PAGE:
I am releasing 0.4.5 of Reg, a tool for pattern matching in arbitrary
ruby Object graphs. Reg includes tools that search for patterns in all
the important core data structures as well as tools for extending the
match criteria to include just about any ruby code you could want. Reg
provides matchers for Strings (via Regexps), Symbols, Hashes, and
several alternatives for matching Objects, but the main feature is the
ability to match Arrays of arbitrary ruby data using vaguely
Regexp-like syntax.

The interface to the above features is a mini-language that's embedded
directly in ruby because it does all its tricks with operator
overloading. I am not going to repost the syntax summary or examples
of this mini-language, since it's a couple pages and hasn't changed
from the last time. But let me say in brief that Reg attempts to
emulate both the obscurity and compact power of regular expressions.

(There was one error in the syntax summary in the first Reg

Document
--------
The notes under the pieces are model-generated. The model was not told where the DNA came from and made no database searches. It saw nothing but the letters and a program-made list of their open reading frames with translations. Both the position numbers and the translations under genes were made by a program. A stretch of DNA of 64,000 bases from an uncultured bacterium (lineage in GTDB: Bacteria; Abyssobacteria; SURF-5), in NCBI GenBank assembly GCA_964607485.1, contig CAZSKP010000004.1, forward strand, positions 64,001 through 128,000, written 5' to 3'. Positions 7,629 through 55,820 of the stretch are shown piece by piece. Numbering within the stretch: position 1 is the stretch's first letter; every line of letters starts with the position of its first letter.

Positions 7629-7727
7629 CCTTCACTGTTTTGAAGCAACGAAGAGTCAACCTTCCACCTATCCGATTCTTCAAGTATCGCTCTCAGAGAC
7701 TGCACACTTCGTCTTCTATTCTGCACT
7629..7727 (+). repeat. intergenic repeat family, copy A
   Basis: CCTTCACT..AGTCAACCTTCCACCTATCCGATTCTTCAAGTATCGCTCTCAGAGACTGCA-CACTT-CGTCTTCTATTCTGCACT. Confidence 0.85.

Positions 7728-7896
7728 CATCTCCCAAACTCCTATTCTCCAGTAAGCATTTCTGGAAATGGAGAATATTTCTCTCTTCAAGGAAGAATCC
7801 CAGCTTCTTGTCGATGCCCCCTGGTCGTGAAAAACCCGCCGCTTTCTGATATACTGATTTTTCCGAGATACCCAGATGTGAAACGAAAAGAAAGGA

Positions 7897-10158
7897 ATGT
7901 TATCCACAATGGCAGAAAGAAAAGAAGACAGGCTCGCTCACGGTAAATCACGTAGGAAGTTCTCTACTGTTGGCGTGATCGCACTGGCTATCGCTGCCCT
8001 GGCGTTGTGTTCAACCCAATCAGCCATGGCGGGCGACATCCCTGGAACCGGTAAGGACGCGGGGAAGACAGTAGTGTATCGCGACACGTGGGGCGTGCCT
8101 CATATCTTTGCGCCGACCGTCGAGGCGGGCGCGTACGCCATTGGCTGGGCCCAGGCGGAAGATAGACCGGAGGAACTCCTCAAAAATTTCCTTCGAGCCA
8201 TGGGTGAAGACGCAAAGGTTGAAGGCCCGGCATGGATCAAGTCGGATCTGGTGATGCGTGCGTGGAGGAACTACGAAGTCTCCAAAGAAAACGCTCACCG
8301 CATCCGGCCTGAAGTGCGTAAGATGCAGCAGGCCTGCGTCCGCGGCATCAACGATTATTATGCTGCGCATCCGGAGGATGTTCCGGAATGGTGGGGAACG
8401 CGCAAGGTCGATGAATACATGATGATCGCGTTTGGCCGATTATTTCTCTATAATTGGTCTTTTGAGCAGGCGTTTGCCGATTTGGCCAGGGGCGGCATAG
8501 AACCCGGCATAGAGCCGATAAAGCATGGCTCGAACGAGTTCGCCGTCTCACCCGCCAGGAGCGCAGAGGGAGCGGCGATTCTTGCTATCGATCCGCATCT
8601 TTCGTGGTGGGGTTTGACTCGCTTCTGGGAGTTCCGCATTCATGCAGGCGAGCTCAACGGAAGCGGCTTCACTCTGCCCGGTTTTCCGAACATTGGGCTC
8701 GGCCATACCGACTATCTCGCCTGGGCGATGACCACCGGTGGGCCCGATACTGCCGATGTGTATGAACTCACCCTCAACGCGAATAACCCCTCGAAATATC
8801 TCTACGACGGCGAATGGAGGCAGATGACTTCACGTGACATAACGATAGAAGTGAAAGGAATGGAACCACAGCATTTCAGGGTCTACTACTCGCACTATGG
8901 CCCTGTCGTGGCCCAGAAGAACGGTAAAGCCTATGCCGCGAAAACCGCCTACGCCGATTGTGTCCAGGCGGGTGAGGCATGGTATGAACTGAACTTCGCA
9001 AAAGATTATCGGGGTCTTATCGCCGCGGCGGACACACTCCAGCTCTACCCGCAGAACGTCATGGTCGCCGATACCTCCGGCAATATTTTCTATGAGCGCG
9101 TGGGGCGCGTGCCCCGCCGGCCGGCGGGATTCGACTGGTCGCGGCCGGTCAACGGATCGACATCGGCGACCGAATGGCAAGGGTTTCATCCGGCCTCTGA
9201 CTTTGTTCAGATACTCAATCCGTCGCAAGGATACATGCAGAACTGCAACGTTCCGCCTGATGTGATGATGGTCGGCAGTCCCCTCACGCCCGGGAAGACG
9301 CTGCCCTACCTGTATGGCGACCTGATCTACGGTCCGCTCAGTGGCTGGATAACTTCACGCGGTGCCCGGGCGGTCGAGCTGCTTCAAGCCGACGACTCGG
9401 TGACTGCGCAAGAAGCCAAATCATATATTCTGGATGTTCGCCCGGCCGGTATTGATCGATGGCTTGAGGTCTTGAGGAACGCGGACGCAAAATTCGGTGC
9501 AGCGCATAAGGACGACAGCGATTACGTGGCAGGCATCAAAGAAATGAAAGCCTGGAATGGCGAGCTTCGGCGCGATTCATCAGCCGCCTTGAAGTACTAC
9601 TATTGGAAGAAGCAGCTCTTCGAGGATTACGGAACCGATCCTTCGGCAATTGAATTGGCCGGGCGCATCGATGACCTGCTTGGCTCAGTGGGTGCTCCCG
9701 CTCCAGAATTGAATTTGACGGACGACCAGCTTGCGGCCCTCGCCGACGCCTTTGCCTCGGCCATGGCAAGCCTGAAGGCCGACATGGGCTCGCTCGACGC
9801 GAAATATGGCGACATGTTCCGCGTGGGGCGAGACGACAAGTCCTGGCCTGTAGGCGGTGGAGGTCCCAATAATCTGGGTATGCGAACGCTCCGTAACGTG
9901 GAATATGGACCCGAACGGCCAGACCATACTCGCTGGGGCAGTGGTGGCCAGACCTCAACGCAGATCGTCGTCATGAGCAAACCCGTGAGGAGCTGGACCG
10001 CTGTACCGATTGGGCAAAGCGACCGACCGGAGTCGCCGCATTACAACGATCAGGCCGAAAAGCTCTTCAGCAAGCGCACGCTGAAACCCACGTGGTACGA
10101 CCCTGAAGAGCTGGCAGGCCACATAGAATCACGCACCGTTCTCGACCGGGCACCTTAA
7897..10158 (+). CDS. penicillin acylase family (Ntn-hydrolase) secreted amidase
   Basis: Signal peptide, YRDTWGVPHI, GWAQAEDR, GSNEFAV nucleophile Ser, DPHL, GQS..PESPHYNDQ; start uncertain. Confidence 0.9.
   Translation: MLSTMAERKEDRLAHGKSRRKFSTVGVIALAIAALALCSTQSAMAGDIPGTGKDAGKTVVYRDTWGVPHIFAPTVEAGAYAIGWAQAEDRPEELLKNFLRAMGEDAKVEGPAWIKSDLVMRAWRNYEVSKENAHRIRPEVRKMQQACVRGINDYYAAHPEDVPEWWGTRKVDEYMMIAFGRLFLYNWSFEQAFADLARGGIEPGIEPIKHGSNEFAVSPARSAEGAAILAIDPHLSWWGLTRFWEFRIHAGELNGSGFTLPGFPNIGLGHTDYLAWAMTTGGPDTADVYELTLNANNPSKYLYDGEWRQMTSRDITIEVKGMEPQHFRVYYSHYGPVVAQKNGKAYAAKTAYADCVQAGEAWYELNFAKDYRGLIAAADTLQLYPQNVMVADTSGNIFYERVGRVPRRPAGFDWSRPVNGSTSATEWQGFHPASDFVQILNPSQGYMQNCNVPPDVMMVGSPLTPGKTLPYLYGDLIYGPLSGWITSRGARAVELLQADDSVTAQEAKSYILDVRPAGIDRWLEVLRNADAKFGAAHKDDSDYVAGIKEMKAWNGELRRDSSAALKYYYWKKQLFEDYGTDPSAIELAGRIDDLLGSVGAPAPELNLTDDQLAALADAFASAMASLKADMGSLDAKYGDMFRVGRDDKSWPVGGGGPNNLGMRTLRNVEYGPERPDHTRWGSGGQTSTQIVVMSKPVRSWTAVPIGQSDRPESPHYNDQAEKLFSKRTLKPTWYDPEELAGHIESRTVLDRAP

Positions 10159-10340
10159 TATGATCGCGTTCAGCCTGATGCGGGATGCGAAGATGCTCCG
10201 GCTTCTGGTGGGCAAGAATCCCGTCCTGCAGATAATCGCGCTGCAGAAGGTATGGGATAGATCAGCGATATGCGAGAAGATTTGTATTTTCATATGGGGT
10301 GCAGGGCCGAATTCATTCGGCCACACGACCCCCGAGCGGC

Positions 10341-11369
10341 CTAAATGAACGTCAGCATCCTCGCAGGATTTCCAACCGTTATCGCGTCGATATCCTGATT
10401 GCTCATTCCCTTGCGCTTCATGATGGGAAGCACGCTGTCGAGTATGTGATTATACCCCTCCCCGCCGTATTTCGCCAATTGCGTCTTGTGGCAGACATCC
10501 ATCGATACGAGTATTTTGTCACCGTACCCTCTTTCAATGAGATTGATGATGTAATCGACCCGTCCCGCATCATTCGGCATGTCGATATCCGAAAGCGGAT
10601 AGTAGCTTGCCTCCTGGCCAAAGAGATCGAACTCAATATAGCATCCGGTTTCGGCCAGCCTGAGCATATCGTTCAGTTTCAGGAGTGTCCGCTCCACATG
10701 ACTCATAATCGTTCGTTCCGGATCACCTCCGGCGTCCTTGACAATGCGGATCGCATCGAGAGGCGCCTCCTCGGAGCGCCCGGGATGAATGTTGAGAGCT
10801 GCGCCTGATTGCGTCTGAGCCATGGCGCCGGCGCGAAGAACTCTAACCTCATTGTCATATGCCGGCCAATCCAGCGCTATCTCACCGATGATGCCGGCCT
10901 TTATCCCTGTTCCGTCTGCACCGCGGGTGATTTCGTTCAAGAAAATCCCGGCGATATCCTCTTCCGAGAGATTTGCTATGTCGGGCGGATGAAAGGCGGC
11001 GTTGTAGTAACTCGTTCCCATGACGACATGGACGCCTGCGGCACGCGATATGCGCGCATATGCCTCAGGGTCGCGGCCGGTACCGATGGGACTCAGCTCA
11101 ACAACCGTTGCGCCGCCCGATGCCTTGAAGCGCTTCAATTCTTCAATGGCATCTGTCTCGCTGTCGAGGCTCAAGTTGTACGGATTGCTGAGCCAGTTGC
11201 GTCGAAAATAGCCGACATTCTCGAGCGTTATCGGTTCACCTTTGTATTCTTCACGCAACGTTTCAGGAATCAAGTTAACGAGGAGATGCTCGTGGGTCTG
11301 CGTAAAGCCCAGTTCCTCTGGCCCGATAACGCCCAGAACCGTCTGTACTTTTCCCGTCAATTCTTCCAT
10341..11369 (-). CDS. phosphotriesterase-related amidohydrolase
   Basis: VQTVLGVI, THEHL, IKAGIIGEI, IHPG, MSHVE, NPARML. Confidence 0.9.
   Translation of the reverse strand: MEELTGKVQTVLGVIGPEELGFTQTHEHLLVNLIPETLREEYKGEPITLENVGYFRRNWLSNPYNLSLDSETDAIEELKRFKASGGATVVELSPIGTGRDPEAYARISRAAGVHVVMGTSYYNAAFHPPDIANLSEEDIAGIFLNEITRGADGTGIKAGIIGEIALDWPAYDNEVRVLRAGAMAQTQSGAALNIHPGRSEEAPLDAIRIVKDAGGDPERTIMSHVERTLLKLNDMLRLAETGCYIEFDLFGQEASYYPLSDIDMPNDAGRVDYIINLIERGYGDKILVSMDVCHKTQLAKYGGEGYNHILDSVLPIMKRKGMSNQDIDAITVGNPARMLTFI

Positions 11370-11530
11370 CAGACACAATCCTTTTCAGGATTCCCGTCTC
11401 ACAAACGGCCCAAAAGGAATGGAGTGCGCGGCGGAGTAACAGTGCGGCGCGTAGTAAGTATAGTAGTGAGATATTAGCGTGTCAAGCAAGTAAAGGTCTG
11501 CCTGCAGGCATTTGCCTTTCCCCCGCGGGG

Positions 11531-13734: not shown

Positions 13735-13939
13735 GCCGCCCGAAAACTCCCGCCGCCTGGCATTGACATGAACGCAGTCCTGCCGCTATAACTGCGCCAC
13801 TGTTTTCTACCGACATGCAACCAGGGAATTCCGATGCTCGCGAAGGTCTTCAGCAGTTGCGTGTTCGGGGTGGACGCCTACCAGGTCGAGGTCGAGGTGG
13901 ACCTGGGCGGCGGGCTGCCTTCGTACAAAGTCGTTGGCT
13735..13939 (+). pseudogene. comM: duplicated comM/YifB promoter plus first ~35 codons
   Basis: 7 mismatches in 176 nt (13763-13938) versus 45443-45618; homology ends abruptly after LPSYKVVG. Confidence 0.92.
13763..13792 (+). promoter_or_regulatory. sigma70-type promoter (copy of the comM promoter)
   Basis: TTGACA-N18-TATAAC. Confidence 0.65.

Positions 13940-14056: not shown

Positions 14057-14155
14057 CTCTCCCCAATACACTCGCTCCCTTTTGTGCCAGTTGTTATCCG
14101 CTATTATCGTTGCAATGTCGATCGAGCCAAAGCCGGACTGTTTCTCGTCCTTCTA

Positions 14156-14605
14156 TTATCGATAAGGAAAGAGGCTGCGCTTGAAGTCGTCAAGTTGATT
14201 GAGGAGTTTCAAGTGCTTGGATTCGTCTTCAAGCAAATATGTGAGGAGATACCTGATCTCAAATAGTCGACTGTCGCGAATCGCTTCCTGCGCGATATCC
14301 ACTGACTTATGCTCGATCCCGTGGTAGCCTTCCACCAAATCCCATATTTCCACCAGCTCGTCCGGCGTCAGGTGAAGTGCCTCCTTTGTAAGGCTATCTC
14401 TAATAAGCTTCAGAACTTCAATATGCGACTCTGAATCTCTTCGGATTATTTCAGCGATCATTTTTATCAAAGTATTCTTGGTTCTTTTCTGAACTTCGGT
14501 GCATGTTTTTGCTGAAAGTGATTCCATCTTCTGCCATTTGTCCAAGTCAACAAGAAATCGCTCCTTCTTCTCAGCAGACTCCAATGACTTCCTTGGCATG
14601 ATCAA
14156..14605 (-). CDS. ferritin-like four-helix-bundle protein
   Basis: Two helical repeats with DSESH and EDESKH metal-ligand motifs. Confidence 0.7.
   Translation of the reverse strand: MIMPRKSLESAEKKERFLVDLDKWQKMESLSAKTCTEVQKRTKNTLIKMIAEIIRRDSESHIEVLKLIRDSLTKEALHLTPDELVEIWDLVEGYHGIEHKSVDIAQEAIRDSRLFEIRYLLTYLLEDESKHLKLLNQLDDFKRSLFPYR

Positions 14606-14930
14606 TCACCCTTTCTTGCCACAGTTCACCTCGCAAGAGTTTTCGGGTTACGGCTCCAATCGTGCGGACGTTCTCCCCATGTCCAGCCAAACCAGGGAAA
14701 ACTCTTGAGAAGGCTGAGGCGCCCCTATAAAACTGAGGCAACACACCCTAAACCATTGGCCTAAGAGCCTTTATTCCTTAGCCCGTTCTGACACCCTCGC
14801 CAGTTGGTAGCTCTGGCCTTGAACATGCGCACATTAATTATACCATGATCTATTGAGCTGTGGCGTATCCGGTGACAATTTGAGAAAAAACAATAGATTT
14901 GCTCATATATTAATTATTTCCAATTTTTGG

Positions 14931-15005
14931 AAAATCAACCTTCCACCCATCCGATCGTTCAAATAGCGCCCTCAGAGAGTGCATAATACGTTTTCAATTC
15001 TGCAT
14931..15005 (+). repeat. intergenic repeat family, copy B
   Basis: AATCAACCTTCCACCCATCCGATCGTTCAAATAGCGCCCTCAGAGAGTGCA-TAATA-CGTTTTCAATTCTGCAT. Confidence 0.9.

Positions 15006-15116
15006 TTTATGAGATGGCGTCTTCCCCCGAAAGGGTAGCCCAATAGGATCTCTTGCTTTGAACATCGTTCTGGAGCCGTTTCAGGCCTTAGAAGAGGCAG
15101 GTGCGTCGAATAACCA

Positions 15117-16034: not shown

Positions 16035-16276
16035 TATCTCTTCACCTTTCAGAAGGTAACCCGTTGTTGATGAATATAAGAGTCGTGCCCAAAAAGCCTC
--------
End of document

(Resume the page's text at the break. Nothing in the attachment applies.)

announcement.  The descriptions of binary + and - were inverted.
Thanks to Pit Capitain for spotting it.)

In this release, the backtracking engine seems to be complete. At
least, all the test cases pass now. Documentation has been expanded,
but nowhere near what is needed. Many things have been renamed
internally (put in a namespace), but it shouldn't affect users (if
there are any) very much. For the most part, aliases are provided to
the old name. The one exception is the old Reg module, which is now
named Reg::Reg. (Beware if you had 'include Reg' in your class.)

Important features remain unimplemented at this point. There's still
no substitutions, backreferences, variable binding, item_that, or
lookahead. Users who wanted Reg for traditional lexing and parsing
tasks still need to look elsewhere. Few optimizations are done. And
vector Reg::And and Reg::Xor won't work.